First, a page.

Mobile phones have become indispensable accessories in today’s life. However, they might act as fomites as they have travelled with their owner to places such as toilets, hospitals and kitchens which are loaded with microorganisms. A cross-sectional study was carried out to isolate and identify bacteria from mobile phones of volunteers in the community. A total of 192 mobile phones from 102 males and 90 females were swabbed and cultured. The bacteria were identified by gram staining and conventional biochemical tests. A total of 176 mobile phones (91.7 %) showed bacterial contamination. Coagulase negative Staphylococcus was the most prevalent (69.3 %) followed by Micrococci (51.8 %), Klebsiella (1.5 %) and Pseudomonas (1 %). The mean colony forming units was higher among females than males (p < 0.05; 95 % CI 0.021–0.365) and higher on mobile phones which were kept in bags than in pockets (p < 0.05; 95 % CI 0.019–0.369). Furthermore, the use of phone cover was found to reduce microbial growth (OR 4.2; 95 % CI 1.423–12.39; p < 0.05). Significant associations were also found between bacterial growth and female participants, agricultural workers, mobile phones older than 6 months and sharing of mobile phones (p < 0.05). Mobile phones from the community carry potential pathogens. Cleaning of mobile phones should be encouraged and should be preferably stored in pockets or carry cases.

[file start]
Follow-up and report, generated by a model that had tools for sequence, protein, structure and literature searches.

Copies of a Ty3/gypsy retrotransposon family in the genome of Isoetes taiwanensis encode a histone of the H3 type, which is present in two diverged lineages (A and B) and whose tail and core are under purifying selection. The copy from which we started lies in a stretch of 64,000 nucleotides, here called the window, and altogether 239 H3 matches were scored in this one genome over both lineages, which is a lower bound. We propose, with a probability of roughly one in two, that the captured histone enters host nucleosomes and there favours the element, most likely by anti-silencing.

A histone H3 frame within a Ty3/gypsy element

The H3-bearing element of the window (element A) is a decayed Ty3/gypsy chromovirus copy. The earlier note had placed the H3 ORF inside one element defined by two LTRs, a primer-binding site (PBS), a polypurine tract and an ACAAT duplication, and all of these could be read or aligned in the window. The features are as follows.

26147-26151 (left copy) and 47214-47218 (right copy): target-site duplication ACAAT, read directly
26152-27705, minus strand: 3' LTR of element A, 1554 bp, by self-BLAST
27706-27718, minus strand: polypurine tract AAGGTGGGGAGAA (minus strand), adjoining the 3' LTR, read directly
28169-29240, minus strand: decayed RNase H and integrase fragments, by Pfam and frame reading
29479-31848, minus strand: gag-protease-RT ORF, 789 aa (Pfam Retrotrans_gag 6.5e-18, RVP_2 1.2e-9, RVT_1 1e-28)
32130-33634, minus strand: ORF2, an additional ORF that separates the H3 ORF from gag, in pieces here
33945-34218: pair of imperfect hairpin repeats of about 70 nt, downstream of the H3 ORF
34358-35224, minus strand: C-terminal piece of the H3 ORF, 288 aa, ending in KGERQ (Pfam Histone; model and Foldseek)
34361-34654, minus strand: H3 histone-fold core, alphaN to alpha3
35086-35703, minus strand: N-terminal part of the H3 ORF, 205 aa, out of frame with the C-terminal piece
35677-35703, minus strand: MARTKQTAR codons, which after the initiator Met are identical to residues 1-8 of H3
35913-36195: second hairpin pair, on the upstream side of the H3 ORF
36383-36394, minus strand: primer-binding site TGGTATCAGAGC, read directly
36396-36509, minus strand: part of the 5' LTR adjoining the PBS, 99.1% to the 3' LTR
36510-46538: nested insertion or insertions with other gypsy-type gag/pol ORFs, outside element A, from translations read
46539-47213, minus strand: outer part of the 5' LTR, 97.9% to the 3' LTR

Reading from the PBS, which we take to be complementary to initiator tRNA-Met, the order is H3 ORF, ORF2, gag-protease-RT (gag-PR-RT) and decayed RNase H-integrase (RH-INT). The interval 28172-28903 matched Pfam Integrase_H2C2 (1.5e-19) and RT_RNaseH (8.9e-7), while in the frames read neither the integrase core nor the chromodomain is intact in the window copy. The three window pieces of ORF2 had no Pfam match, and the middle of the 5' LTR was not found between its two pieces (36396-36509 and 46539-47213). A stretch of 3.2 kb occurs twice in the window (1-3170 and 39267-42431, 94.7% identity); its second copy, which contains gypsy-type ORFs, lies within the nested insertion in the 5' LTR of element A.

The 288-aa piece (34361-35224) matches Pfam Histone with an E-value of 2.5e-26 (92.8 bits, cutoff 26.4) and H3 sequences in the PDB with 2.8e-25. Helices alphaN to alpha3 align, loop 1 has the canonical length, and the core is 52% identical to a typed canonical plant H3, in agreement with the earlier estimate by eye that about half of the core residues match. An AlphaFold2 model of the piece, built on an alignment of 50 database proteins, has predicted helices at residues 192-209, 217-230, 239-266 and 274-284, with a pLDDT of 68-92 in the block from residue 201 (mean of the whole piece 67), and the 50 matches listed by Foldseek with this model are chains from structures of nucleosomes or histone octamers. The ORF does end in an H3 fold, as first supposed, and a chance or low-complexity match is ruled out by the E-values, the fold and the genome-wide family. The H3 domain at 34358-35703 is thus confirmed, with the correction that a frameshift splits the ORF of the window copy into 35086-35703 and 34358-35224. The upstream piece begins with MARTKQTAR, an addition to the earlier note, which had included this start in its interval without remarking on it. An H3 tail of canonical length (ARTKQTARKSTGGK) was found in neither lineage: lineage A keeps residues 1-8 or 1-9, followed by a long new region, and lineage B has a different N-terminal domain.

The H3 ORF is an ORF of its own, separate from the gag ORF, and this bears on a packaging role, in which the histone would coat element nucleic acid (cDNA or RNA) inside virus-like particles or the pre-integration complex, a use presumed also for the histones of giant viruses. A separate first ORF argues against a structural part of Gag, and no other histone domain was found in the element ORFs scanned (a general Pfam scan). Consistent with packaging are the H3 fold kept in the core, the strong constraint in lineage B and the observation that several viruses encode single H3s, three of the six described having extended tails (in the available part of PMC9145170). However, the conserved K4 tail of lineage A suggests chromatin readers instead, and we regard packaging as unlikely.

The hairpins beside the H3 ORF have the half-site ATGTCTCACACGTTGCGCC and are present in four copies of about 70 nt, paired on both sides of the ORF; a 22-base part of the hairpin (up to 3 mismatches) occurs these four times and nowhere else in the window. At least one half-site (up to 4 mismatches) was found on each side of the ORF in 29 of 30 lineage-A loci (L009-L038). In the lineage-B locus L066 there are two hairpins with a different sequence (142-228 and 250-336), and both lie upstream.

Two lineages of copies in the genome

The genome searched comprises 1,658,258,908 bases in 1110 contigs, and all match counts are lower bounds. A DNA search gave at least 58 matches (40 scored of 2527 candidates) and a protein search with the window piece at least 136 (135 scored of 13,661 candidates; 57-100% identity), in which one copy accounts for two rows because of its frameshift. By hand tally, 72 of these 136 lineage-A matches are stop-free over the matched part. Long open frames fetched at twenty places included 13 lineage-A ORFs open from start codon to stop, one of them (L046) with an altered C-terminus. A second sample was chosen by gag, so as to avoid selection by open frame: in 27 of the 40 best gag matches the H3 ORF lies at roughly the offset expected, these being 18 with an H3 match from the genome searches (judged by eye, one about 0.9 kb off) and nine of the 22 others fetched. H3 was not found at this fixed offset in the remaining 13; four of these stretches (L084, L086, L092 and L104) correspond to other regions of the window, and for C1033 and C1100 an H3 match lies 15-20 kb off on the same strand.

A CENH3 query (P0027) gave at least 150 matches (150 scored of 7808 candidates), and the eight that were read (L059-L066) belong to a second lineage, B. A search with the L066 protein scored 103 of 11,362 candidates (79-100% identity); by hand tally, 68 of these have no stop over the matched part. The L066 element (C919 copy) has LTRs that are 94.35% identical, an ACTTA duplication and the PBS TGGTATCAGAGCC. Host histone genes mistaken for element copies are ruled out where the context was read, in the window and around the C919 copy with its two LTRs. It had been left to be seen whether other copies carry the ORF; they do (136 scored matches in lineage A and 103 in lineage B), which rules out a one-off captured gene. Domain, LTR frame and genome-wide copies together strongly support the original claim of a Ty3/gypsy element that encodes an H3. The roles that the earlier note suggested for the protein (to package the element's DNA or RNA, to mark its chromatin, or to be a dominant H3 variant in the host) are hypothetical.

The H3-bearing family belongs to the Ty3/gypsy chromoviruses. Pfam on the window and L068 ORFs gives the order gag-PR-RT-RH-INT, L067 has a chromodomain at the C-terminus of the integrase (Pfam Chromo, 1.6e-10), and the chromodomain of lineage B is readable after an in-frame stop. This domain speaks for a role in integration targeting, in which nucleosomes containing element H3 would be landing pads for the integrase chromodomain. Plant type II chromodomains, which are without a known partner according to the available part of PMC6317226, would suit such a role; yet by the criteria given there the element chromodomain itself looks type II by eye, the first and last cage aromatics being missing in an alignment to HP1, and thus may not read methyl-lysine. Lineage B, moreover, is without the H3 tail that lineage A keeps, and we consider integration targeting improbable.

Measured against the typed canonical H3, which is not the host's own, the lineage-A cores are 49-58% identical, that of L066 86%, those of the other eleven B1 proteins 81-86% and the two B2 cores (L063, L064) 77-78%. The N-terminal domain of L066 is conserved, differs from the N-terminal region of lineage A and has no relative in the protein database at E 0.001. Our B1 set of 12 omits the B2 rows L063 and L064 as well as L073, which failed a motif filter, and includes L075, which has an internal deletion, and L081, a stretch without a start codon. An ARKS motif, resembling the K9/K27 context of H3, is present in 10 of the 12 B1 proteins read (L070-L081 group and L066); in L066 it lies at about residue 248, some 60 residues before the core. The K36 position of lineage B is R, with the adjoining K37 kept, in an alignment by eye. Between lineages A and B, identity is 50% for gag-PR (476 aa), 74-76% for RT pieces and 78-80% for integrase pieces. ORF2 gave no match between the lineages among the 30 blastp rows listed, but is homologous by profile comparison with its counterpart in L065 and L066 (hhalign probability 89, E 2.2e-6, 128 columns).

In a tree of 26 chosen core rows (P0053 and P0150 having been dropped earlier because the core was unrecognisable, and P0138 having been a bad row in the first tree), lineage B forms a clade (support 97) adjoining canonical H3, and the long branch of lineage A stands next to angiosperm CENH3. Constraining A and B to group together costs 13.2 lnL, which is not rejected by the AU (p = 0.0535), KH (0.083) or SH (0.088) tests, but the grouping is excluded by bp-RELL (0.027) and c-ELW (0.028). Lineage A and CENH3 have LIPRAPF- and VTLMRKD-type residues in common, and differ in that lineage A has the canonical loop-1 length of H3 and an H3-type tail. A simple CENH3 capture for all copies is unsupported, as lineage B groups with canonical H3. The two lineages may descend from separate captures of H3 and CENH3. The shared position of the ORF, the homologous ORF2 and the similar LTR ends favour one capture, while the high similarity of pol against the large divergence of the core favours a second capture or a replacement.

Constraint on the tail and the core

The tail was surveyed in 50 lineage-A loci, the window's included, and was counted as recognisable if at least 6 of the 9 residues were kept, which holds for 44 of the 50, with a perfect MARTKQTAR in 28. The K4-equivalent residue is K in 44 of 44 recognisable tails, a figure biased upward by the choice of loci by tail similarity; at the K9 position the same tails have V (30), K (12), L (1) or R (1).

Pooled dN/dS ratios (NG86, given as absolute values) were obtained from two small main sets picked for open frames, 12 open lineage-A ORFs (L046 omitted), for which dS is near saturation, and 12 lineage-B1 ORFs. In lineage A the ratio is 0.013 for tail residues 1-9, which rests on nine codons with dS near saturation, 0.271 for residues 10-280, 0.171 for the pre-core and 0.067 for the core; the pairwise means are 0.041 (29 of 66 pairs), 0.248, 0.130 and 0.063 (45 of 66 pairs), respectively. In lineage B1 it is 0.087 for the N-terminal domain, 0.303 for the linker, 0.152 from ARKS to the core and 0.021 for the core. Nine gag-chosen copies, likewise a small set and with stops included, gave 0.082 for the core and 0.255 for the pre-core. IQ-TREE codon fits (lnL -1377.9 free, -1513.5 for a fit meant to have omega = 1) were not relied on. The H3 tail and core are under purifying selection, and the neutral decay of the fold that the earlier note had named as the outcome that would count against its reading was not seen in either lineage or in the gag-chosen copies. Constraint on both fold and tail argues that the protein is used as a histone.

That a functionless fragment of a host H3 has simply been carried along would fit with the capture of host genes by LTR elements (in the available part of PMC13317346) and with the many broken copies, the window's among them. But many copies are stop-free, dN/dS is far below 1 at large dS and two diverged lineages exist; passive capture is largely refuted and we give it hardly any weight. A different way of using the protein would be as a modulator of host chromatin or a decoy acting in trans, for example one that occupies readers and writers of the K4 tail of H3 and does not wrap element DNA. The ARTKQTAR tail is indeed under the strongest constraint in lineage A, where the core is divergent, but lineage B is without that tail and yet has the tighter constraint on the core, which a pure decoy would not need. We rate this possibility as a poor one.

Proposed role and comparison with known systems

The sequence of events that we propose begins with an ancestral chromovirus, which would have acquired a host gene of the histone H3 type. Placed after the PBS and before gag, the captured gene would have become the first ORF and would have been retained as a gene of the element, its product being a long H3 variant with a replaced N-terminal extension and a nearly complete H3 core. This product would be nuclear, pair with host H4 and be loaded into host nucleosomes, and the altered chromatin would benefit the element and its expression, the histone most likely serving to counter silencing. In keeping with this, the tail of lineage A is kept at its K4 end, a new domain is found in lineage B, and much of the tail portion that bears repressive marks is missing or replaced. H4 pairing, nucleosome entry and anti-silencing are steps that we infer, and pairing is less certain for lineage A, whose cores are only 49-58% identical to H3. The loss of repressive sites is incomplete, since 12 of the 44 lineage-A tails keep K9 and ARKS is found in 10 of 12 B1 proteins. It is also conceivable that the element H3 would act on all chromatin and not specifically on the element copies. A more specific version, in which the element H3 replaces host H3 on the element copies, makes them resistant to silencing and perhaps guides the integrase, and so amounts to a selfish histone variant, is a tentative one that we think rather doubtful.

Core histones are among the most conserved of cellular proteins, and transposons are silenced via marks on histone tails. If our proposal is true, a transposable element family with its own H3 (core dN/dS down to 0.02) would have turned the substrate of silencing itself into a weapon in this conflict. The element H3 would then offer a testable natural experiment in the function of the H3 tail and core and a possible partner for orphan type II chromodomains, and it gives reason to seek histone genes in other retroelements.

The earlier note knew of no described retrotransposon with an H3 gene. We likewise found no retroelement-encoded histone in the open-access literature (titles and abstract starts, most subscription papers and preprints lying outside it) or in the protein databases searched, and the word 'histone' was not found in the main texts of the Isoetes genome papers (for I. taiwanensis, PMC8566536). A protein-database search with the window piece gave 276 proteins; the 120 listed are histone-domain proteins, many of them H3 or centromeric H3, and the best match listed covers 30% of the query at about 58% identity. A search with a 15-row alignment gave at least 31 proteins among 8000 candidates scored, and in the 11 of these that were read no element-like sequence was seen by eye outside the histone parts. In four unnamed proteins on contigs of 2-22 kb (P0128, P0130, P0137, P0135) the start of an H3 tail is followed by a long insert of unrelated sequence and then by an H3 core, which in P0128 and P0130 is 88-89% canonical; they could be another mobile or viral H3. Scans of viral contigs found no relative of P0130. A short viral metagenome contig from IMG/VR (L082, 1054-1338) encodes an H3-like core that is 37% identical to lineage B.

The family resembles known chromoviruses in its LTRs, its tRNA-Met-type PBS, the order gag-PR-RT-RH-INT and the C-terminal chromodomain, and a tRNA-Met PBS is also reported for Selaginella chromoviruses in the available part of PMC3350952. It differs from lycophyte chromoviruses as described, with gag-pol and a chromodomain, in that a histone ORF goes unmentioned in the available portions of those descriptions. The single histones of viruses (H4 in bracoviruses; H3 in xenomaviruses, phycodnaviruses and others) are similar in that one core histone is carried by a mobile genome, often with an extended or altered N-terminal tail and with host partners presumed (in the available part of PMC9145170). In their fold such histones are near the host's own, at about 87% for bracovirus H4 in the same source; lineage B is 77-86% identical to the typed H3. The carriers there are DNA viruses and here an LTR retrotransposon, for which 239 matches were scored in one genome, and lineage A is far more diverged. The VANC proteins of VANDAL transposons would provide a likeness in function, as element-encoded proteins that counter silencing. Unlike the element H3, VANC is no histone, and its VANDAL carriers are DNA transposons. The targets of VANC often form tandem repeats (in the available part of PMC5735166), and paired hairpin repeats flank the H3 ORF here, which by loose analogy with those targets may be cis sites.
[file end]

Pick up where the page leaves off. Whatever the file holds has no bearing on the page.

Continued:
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We are thankful to all the volunteers who participated in this study.
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Bhoonderowa, A., Gookool, S. & Biranjia-Hurdoyal, S.D. The Importance of Mobile Phones in the Possible Transmission of Bacterial Infections in the Community. J Community Health 39, 965–967 (2014). https://doi.org/10.1007/s10900-014-9838-6
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